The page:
State rep reports progress on new sucker season date
Talks prescription drug redistribution bill
By Kevin Bunch
Staff Writer | firstname.lastname@example.org
OMER — The state legislature would likely not take up a new date for sucker fishing season until after the election, State Rep. Joel Johnson told the Omer City Council during its meeting Sept. 25.
Johnson said the bill, which would amend sucker season to start earlier in the year to account for the earlier runs the fish make, has been turned into the Natural Resources Committee, but no hearing date has been set yet.
“We want to get it done after the election so we can get it into the (Department of Natural Resources) hunting guide for 2013,” Johnson said. “I hoped for a set date, but the DNR still wants to lean flexible for now so they can tweak it without having to deal with a law set in stone.”
Under the current form of the bill, the DNR would decide the start date on a yearly basis, which would allow them to adjust it based on when they believe the sucker run would occur, Johnson said. That way, if the run shifts again, it would be easier to adjust so the season still catches it.
Councilman Larry Daly said he would prefer a set date so people who want to come to the city for the annual sucker run would know what time frame to take off of work. If the DNR goes with a flexible date, Daly said they would need to announce it far enough in advance for people to do so.
“We get about 1,000 people who come up and camp for two weeks so a set date would be nice,” Daly said. “But anything would be better than what we have now, as we’ve missed the sucker run for 10 of the past 12 years.”
Daly said he would be willing to testify before the committee in favor of the season date change when it begins holding hearings.
Local anglers have been trying to change the date of sucker season to accommodate for shifting weather patterns. The sucker run up the Rifle River occurs once the ice has melted in the spring, but if the ice melts too early, anglers will be unable to go sucker dipping — using a net to catch suckers as they go through the river system — until after the fish have left.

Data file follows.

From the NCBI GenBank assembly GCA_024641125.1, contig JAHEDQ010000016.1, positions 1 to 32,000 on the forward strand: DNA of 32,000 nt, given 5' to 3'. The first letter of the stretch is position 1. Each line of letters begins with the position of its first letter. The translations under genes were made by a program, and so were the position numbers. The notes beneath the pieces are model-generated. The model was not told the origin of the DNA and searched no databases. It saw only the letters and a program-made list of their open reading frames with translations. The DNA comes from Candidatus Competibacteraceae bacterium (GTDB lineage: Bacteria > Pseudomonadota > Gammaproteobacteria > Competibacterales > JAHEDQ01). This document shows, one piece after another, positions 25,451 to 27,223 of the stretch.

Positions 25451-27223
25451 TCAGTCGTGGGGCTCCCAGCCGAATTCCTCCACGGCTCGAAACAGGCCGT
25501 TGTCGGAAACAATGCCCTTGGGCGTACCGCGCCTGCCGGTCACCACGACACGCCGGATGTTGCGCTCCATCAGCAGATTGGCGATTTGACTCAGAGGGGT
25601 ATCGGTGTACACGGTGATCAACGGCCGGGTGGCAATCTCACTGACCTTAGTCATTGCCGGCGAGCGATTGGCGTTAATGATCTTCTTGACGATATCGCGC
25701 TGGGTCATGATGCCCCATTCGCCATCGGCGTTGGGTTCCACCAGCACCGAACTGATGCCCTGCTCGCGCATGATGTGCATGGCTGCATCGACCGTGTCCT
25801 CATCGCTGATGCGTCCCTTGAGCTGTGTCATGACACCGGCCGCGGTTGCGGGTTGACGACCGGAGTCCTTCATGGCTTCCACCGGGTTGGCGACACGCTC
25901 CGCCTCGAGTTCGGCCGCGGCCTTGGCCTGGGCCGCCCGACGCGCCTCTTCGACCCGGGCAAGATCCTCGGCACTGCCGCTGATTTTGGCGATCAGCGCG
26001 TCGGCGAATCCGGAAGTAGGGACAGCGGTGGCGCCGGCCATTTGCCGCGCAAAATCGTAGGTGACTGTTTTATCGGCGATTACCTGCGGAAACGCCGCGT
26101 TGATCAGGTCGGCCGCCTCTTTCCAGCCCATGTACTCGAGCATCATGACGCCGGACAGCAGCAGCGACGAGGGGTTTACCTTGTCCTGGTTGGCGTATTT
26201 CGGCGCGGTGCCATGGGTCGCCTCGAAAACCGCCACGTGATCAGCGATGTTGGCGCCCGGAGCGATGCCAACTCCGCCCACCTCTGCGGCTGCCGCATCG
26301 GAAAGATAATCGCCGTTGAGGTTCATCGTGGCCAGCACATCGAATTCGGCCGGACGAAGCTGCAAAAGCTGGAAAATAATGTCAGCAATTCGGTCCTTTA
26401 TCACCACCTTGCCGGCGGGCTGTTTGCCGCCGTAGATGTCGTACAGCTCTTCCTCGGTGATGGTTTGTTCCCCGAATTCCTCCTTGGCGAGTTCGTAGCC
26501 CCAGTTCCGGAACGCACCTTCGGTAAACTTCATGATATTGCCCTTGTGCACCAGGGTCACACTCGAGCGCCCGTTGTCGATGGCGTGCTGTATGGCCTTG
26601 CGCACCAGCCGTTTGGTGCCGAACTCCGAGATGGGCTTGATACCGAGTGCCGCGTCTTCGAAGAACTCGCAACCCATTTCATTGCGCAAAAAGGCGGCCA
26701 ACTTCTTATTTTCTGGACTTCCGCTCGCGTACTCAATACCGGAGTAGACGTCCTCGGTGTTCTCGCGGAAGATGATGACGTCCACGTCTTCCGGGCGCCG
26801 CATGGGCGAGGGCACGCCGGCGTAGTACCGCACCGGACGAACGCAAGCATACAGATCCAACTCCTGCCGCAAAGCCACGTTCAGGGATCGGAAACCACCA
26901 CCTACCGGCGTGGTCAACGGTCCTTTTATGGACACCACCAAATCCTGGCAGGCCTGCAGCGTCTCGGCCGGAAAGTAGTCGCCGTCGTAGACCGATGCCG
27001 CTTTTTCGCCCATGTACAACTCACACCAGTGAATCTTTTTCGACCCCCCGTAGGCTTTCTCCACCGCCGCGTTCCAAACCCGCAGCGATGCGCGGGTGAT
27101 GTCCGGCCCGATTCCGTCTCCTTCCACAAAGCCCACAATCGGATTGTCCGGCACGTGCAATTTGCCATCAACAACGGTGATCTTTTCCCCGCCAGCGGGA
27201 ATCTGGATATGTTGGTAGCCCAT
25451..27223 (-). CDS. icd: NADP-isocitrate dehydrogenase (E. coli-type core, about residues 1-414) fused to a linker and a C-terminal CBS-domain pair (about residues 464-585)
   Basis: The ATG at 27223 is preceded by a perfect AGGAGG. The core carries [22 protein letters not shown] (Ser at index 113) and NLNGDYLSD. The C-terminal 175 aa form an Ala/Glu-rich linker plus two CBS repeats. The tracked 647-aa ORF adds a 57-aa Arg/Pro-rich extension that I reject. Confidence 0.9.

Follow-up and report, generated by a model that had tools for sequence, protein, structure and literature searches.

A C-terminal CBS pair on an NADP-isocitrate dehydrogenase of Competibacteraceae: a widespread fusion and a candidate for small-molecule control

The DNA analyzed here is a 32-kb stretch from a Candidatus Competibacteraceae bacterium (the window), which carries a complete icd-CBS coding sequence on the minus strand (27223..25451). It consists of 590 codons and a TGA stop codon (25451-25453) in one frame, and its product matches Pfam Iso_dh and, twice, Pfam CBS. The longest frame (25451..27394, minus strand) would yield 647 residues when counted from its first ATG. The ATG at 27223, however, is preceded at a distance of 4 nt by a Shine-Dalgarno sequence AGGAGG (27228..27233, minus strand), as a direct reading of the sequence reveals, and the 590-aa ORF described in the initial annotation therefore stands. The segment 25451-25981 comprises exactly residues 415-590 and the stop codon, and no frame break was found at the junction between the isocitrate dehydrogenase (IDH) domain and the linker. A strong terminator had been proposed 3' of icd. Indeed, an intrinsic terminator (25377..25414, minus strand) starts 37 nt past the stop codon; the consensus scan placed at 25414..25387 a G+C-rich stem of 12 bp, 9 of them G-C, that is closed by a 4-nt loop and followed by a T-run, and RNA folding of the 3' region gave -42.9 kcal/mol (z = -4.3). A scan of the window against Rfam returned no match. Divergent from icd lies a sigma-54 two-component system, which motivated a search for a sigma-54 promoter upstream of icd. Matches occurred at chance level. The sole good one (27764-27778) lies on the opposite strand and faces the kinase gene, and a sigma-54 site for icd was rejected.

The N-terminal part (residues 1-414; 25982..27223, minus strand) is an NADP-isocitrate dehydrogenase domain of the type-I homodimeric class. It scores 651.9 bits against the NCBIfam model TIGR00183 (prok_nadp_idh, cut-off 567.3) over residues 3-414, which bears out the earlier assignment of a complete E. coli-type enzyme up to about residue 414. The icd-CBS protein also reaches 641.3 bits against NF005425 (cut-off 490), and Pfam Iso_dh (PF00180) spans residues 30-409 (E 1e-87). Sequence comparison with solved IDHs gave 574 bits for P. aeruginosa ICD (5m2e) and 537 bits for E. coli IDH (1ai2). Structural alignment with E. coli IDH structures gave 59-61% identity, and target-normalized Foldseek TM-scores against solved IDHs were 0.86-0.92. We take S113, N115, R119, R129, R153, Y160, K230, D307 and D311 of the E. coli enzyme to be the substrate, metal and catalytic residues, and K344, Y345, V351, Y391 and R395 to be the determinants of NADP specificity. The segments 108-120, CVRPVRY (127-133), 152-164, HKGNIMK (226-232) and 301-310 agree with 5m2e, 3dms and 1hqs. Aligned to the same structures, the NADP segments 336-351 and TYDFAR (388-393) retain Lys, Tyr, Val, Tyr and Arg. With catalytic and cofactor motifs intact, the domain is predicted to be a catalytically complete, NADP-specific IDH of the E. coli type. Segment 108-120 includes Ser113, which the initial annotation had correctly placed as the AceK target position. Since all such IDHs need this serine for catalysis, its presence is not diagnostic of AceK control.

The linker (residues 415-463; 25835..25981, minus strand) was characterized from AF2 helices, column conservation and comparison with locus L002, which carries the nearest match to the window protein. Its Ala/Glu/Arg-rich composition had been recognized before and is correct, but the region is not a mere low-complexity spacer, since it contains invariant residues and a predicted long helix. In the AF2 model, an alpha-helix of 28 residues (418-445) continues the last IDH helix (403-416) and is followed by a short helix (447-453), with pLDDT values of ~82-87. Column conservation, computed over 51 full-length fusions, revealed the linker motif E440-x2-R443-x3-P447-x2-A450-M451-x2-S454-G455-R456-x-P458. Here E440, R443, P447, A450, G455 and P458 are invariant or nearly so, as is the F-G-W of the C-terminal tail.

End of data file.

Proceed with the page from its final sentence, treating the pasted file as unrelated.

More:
Johnson’s aide Ben Frederick told the Independent in June the legislature has adjusted a number of specialty hunting and fishing seasons over the years, but it had not adjusted sucker season at that point.
Johnson also reported on a new bill winding its way through the legislature which would allow hospitals, nursing facilities, and other professionals to redistribute unused pharmaceuticals to those in need.
Under the current bill, drugs that are still sealed in bubble wrap and leftover from someone dying, moving, or no longer taking them due to an allergic reaction could go to low-income individuals, or those on Medicare or Medicaid, Johnson said.
It would also establish pharmacies as disposal points for unused pharmaceuticals, Johnson said, as ones held by private individuals cannot be redistributed.
The bill has passed the State House of Representatives and a State Senate committee, and now needs to go before the full Senate and Gov. Rick Snyder, Johnson said.